Parler is back online this week after a post-coup hiatus when Amazon stopped allowing the platform to use their web servers and both Apple and Google removed Parler from their app stores. Parler has also announced a new CEO, Mark Meckler, best known for his role co-founding the Tea Party movement.
Per reporting from the New York Times, Parler’s new list of tech providers speaks volumes:
After many large web-hosting firms rejected Parler, the site came back online with the help of a small provider near Los Angeles called SkySilk. Kevin Matossian, SkySilk’s chief executive, said in a statement that he was helping Parler to support free speech. For other services required to run a large website, Parler relied on help from a Russian firm that once worked for the Russian government and a Seattle firm that once supported a neo-Nazi site.
You’ll be shocked to learn that Parler’s current tech infrastructure isn’t exactly reliable, and there have been outages on and off this week. No wonder Parler is suing Amazon. If Parler fails, Amazon’s actions might not be entirely to blame but were absolutely a major factor.
Readers have been asking me to write about Parler since last year, and to be honest, I’ve avoided it. I’ve had an account for a while now and, of all the right-wing social networks I’ve seen come and go over the past five years, Parler is the most redundant and pointless of them all.
The most interesting thing about Parler, to me anyway, was the slick marketing behind making it a thing. Parler co-founder, Rebekah Mercer, clearly called in a lot of favors and over the course of a few months in 2020, almost every Republican politician and right-wing influencer made a big show of announcing that they were joining Parler, or leaving Twitter for Parler. As a result, and probably with the help of a good public relations firm, Parler got a lot of mainstream press about being the social media platform that all the cool kids on the Right were flocking to.
Parler was the Fyre Festival of pro-Trump Internet. It relied on influencer-driven marketing, curiosity, and aspiration. Sure anyone could sign up, but Parler was marketed as the place to be, where all the cool MAGA kids were hanging out.
But like the Fyre Festival, the reality was grim. Parler was heavy on broadcast content from folks who already had built large platforms elsewhere (or whose fans came to Parler to find them because they’d been deplatformed elsewhere.) I found fewer actual conversations than you’d typically see on other right-wing communities like Gab or even on Facebook groups. I thought of it as a boring platform where users would soon lose interest and head back to Twitter.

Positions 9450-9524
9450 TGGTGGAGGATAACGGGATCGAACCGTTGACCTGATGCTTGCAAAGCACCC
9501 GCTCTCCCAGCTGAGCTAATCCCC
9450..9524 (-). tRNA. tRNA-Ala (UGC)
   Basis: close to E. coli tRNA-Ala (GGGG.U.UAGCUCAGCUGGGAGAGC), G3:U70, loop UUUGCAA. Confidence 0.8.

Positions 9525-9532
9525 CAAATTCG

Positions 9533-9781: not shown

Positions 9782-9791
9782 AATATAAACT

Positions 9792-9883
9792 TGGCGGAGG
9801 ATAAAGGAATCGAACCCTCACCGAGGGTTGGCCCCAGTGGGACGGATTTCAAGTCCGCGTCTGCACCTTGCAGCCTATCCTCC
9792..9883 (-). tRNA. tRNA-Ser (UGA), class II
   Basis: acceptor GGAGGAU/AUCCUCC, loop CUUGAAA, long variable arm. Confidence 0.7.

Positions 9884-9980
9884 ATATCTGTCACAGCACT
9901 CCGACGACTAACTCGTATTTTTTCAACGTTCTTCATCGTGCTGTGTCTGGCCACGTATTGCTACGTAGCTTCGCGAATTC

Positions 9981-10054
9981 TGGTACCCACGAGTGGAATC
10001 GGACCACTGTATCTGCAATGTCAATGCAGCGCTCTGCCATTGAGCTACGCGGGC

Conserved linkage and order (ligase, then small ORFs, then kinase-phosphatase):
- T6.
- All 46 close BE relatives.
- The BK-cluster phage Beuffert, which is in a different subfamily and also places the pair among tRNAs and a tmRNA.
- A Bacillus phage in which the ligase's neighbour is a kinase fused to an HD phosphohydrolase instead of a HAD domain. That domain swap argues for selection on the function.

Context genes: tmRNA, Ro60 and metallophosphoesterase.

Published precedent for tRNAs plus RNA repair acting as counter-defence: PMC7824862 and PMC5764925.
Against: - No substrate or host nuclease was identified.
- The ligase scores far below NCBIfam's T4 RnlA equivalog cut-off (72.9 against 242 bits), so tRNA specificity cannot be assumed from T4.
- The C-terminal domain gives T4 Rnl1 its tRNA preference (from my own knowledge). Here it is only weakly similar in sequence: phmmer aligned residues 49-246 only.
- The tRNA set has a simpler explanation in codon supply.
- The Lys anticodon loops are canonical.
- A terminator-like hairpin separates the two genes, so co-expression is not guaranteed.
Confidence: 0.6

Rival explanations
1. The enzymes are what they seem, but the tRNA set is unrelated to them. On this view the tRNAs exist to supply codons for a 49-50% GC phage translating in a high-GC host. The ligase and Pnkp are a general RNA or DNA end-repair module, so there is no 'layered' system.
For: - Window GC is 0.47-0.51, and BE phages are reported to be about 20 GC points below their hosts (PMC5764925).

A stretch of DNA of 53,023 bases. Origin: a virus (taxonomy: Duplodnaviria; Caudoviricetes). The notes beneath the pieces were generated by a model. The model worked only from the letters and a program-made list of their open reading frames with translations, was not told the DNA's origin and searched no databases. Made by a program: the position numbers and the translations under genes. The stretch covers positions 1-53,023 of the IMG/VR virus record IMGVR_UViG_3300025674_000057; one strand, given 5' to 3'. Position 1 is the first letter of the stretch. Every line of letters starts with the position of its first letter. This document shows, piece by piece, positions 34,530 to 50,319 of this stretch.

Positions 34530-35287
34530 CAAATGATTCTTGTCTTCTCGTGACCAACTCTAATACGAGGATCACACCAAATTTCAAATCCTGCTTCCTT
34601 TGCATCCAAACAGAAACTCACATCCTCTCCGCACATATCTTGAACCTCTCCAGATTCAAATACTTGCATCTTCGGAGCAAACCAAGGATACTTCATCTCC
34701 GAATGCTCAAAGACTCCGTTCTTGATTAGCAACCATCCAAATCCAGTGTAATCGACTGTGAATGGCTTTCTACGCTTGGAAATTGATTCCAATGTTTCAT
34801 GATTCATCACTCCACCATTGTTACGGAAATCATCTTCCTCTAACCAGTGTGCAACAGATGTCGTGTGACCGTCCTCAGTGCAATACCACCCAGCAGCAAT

Until I began to see organizing for January 6 on Parler. It mirrored what was happening in other communities but Parler was a shiny object and had quickly built a large-ish audience post-election. There’s no easy way to determine if Parler’s audience was made up mostly of people coming in from other right-wing spaces or new faces ripe for radicalization. I suspect it was mostly the former but we can’t count the latter out. But either way, Parler gave these folks a space to organize and hype potential acts of violence up in DC, free from any moderation.
Parler also gave America a treasure trove of evidence against those who participated in the Trump rally and/or violent attempted coup on January 6. Researcher @donk_enby managed to archive every Parler post, starting with content from January 6, and created a public database. The posts included videos and location data that have since been used as evidence in impeachment and criminal investigations and to help journalists and investigators piece together narratives from the attack. I’m genuinely curious to know how Parler’s users feel about this, and if they still trust the platform now that it’s back online.
I remain skeptical that Parler will become the right-wing social media powerhouse that was its goal. The company probably has enough Mercer money to keep limping along but if it’s still around in a year, Parler will probably be about as relevant as its competitor Gab currently is. The one thing that might change Parler’s trajectory is if Trump decides to make it his preferred media platform, but given that a 40% ownership stake in the company still wasn’t enough to get the disgraced former president to log on, I don’t see that happening anytime soon.
The above article is an excerpt from Ctrl Alt-Right Delete, a newsletter devoted to covering the rise of far-right extremism, white nationalism, disinformation, and online toxicity, delivered on a weekly basis to more than 16,000 subscribers.